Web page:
To compete and thrive in the 21st century, democracies, and the United States in particular, must develop new national security and economic strategies that address the geopolitics of information. In the 20th century, market capitalist democracies geared infrastructure, energy, trade, and even social policy to protect and advance that era’s key source of power—manufacturing. In this century, democracies must better account for information geopolitics across all dimensions of domestic policy and national strategy.
The purpose of this paper is to analyze how China’s new power is reaching Europe, the challenges that it poses, and the European responses to this new reality. This process has to be examined in the context of the current strategic competition between China and the U.S. and its reflection on the transatlantic relationship.
The Diplomacy and International Politics Program examines the future of diplomacy and conflict prevention, and also supports research and teaching on global political relations through initiatives on the Middle East, the Gulf, and South Asia.
Opening the joint CLIMATE CHANGE DIPLOMACY WEEK event series, speakers and leading climate change experts from both Harvard and beyond participated in a panel discussion titled "What's at Stake in Paris?: Diplomacy and Policy at the Climate Change Talks," moderated by the Future of Diplomacy Project Faculty Director, R. Nicholas Burns, and co-hosted with the Harvard Project on Climate Agreements on November 9. The speakers comprised of Sturgis Hooper Professor of Geology at Harvard University, Daniel Schrag;former Costa Rican Minister of Environment and Energy, René Castro; former Under Secretary of State for Democracy and Global Affairs and chief climate negotiator, Paula Dobriansky; and Albert Pratt Professor of Business and Government and Director of the Harvard Project on Climate Agreements, Robert Stavins. Together panellists weighed in on the upcoming UNFCCC talks to be held in Paris in December and the overarching policy issues at play.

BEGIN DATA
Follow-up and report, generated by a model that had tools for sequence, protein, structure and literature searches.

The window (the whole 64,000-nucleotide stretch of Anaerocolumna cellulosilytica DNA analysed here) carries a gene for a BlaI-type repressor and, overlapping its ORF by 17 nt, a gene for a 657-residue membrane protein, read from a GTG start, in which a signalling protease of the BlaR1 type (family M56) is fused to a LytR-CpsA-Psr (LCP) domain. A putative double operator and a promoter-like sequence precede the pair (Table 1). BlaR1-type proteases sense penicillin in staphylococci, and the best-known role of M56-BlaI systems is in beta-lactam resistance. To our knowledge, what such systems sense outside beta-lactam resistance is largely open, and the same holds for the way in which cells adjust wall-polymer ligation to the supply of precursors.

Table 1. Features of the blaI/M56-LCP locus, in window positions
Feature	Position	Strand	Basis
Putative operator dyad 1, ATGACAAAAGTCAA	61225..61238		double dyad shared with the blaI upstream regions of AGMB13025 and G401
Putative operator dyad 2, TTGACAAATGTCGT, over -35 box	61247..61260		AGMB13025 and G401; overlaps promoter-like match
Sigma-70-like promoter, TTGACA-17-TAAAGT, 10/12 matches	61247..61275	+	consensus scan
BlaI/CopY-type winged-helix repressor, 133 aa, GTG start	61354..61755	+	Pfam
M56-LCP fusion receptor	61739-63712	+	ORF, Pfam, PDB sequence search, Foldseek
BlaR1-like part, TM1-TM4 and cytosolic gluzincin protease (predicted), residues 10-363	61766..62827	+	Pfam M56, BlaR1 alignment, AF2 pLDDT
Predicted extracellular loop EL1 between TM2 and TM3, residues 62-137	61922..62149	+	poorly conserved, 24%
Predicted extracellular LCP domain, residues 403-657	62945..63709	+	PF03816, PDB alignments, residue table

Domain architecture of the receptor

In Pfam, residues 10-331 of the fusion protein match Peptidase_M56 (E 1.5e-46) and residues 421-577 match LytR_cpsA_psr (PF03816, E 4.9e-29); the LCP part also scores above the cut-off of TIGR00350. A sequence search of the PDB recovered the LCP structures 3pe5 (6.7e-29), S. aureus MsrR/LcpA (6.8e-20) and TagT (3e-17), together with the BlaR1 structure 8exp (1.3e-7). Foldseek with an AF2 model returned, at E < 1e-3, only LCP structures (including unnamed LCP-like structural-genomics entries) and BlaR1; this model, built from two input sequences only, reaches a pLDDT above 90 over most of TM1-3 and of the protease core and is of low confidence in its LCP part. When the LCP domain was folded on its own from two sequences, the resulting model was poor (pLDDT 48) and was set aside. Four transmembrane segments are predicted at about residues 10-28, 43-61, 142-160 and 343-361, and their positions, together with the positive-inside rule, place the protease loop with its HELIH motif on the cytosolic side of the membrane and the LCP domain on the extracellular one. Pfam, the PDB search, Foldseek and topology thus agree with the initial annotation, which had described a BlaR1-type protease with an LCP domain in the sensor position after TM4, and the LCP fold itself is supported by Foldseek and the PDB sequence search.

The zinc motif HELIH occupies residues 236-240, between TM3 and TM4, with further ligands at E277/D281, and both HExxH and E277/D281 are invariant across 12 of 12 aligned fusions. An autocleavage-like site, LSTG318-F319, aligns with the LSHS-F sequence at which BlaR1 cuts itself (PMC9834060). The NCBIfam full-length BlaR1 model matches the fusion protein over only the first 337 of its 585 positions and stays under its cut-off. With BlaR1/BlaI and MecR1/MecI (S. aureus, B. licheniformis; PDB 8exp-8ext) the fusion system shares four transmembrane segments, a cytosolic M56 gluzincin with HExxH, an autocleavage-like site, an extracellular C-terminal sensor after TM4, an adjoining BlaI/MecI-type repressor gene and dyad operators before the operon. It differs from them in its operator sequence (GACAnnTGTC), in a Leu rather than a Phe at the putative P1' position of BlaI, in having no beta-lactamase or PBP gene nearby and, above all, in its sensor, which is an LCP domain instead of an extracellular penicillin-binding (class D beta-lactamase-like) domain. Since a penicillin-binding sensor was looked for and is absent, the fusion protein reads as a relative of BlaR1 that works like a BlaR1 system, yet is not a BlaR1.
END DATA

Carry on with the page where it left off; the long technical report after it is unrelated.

Audio recordings from MEI's Spring 2015 Study Group Rethinking the Arab State: the Collapse of Legitimacy in Arab Politics, with Professor Michael C. Hudson.
During the Spring 2015 semester, Prof. Hudson hosted a distinguished group of scholars to re-examine the foundational concepts of legitimacy, the state, civil society, religion, and regional stability in the wake of the Arab Uprisings.
An audio recording from Samer Shehata, Associate Professor of Middle East Studies, University of Oklahoma.
On March 3, 2015 at MEI, Prof. Samer Shehata assessed the role of the military and pre-2011 regime figures in Egypt's political transition from authoritarianism to apparent democratic opening, and now back to a military-backed authoritarian government, to ask how useful the term 'Deep State' is to understanding Egypt's politics.
An audio recording from Ambassador Marwan Muasher, Vice President for Studies and Director of the Middle East Program at the Carnegie Endowment for International Peace and former Jordanian Ambassador to the United States.
On October 22, 2014 at MEI, Ambassador Muasher looked back over four years of popular uprisings in the Arab World and took stock of the hope for transition to genuine stability, prosperity, and democracy and tools necessary to do the job.